Cryptocurrency markets need regulation to avoid FTX-type situations


Coinbase founder and CEO Brian Armstrong attends Consensus 2019 at the Hilton Midtown on May 15, 2019 in New York City.

Steven Ferdman | Getty Images

FTX, until recently one of the world’s largest cryptocurrency exchanges, declared bankruptcy on Friday after revelations about its business practices led to a spike in customer withdrawals without enough funds to fulfill those withdrawals.

Coinbase It has no financial impact on FTX, but I have a lot of sympathy for everyone involved in the current situation. Any time there is the potential for customer loss in our industry is stressful, and many people have lost a lot of money as a result of FTX’s struggles.

It is also important to clarify why this happened and what we need to change if we want to prevent something similar from happening again.

The collapse of FTX appears to be the result of risky, unethical business practices, including conflicts of interest between deeply intertwined entities and decisions to lend unauthorized client assets. It should be noted that these activities also occur in traditional financial markets – and in fact, blockchain technology will make it easier to track and trace over time.

Following the events of this week, we are already seeing calls for more regulation of the cryptocurrency industry, and tighter restrictions on access and innovation. The problem is that, until now, US regulators have refused to provide clear, sensible rules for cryptocurrencies that would protect consumers.

Cryptocurrency regulation in the US has been difficult to navigate, and regulators have so far failed to provide a workable framework for how these services can be offered in a secure and transparent manner. This means that cryptocurrency-based financial products, including lending, margin trading, short selling, and other instruments that are perfectly legal and regulated in traditional financial markets, have all been banned by Entrepreneurial groups creating decentralized products in the US. USA for fear of litigation. They don’t want to break the rules and they don’t know what the rules are right now.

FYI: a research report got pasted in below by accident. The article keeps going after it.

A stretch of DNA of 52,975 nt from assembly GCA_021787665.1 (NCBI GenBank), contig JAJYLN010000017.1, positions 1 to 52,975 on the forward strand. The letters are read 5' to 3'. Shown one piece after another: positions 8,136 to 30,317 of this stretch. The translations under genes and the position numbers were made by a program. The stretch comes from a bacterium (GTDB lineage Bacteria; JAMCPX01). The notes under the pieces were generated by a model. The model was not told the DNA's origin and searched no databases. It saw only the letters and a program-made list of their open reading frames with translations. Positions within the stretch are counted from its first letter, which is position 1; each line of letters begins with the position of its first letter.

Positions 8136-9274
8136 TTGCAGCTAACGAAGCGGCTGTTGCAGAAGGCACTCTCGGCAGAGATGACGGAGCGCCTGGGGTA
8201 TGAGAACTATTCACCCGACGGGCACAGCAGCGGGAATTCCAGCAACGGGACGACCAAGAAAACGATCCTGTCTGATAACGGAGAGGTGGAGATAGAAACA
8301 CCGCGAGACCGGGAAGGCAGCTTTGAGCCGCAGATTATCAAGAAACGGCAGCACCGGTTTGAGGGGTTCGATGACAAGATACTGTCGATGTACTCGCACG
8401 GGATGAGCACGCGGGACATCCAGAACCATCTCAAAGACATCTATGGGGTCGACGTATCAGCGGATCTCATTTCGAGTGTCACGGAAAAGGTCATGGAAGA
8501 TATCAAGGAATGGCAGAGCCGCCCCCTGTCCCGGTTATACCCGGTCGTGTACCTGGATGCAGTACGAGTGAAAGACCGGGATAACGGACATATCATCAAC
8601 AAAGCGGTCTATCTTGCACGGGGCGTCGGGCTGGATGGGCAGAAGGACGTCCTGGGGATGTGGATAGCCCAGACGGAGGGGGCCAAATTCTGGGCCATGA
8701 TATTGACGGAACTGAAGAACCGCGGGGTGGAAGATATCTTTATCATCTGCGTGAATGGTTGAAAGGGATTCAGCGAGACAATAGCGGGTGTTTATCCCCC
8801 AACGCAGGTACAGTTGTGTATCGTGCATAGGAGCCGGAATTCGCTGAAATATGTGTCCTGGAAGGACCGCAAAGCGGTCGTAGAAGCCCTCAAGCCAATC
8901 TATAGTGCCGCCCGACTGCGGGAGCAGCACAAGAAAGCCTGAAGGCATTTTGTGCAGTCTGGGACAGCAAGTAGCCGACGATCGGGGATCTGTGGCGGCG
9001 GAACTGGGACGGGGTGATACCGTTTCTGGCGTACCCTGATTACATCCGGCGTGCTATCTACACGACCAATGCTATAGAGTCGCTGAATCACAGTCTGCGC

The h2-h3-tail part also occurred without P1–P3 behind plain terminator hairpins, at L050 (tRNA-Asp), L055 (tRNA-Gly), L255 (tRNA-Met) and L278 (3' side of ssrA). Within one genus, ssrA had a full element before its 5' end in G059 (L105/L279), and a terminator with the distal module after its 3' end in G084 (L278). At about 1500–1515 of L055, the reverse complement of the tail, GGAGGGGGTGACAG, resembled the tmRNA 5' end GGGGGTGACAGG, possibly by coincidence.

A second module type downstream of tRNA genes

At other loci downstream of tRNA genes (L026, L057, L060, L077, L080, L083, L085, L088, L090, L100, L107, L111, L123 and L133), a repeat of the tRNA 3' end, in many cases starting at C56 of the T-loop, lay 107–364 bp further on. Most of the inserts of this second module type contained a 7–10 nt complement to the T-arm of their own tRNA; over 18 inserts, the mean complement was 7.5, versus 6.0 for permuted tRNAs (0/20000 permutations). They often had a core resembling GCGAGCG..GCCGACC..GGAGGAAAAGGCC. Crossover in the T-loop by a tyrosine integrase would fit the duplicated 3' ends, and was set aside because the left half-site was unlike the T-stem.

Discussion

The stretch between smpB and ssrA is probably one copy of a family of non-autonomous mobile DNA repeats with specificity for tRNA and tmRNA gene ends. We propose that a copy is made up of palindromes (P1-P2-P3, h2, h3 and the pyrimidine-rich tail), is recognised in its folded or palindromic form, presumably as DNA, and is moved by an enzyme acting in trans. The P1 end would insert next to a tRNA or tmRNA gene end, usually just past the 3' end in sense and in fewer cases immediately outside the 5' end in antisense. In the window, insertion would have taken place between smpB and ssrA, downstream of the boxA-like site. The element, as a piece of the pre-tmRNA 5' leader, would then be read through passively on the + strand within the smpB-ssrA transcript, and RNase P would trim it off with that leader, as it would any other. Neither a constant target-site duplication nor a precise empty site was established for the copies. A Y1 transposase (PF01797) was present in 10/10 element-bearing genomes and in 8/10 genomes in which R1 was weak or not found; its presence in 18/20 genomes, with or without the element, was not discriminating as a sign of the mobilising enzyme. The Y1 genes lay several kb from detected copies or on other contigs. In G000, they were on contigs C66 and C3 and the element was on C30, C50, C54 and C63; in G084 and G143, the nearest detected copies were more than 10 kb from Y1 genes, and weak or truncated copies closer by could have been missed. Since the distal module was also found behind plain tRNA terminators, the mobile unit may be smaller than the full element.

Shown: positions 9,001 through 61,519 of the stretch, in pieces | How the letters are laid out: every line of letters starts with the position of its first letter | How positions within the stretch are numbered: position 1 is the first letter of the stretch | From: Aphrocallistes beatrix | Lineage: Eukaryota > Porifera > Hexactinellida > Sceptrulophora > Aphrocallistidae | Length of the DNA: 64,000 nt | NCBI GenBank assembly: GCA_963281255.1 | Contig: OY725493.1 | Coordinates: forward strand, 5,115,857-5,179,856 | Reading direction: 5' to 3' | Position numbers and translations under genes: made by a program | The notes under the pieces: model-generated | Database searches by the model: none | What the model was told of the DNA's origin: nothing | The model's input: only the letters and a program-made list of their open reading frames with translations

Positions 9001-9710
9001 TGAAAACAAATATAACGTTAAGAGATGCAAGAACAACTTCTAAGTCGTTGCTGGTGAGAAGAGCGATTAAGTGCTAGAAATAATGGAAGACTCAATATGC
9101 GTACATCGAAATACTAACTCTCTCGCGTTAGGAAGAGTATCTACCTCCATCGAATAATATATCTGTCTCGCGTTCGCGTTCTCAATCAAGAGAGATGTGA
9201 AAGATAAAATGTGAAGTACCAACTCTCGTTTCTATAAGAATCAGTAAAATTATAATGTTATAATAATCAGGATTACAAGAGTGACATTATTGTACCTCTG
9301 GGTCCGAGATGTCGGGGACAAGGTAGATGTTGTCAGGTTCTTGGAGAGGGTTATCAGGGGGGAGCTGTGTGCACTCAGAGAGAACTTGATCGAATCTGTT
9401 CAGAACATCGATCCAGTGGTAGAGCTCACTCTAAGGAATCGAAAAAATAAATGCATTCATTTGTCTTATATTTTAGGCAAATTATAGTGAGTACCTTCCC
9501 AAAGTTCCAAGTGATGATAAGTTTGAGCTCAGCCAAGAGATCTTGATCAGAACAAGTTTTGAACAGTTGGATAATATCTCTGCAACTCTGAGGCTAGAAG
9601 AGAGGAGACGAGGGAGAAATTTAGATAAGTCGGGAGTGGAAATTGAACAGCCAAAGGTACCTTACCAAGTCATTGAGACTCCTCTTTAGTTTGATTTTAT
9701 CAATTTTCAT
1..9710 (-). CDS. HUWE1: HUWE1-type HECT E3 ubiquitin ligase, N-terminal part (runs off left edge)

As a result, American consumers and advanced traders alike are dealing with risky, offshore platforms outside the jurisdiction and protection of US regulators. Today, over 95% of cryptocurrency trading takes place on overseas exchanges.

Part of the reason FTX was able to do this was because it operates in the Bahamas, a small island nation with little regulatory oversight and ability to oversee financial services businesses. Did regulators force FTX to behave the way it did? No. But they created a situation where FTX could take dangerous risks without any repercussions.

Instead of setting clear guidelines for cryptocurrencies, US regulators have focused on regulation through enforcement – ​​going after US-based companies for not following the rules without specifying what those rules are. Coinbase itself fell victim to this practice earlier this year, when the SEC accused the company of listing unregistered securities, which we categorically deny. That’s bad for U.S. competitiveness, and bad for Americans who lose money when overseas firms collapse.

All of this helps to explain why tighter regulation would worsen the problem of crypto companies and crypto users going abroad. On the contrary, we need it smarter regulation that protects consumers and makes the US a more attractive location for cryptocurrency companies.

Despite the prevailing view that cryptocurrency companies do not want to be regulated, many, if not most, companies have been working with politicians for years. Those of us thinking about the future of cryptocurrency want to create smart regulation for centralized exchanges and custodians in the US and other regions.

In the long term, the cryptocurrency industry has the opportunity to build a better system using decentralized finance and self-protecting wallets that do not rely on third parties such as exchanges. Instead, customers will be able to trust code and math, and everything is publicly verifiable on the blockchain. Until then, however, regulators must create clear rules that bring cryptocurrency back to shore, encourage innovation and protect consumers.

The US has always prided itself on being at the forefront of new technologies and industries. With over 200 million global cryptocurrency users and countries beginning to test digital currency programs and accepting bitcoin as legal tender, the time has come for cryptocurrency.

The United States now has a choice: take the lead by providing clear, business-oriented regulation, or risk losing a key driver of innovation and economic equality.

Brian Armstrong is the CEO and co-founder of Coinbase.



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